Oral Health Care


Oral Health Care

A non-symptomatic HIV-infected individual usually does not require any special consideration when they are planning, or are in the provisions of, dental treatment. However, good oral hygiene is a must for the infected patient. Oral health should be established early in the disease process. Daily brushing and flossing and regular professional care are all important aspects of routine oral hygiene. Individuals should be seeing their dentist at least two times a year for oral examinations and evaluation. If oral lesions or other complications arise, call your dentist.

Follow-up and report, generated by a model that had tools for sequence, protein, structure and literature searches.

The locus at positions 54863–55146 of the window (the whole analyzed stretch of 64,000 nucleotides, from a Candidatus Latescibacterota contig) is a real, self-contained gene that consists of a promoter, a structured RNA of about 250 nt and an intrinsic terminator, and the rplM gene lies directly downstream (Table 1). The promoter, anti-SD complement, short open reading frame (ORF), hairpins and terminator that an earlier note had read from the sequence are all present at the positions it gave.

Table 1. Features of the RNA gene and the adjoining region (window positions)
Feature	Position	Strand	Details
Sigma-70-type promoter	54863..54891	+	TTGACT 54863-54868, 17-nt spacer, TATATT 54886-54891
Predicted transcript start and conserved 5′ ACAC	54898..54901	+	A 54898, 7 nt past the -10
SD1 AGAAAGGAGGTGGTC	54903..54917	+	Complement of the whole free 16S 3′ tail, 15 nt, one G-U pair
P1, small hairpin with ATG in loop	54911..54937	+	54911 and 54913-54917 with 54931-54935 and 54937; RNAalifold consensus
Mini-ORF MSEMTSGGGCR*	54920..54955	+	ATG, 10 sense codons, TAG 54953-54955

Dental treatment modifications for patients with HIV are based on the patient’s medical status, and not on HIV status. Complications reported to be associated with dental treatment of patients with HIV infections and AIDS have been rare.

Medications may interfere with dental treatment and cause adverse effects, such as decreased salivary flow. Interactions between some medications may occur. Please make sure that your doctor and your dentist know all the medications you are taking.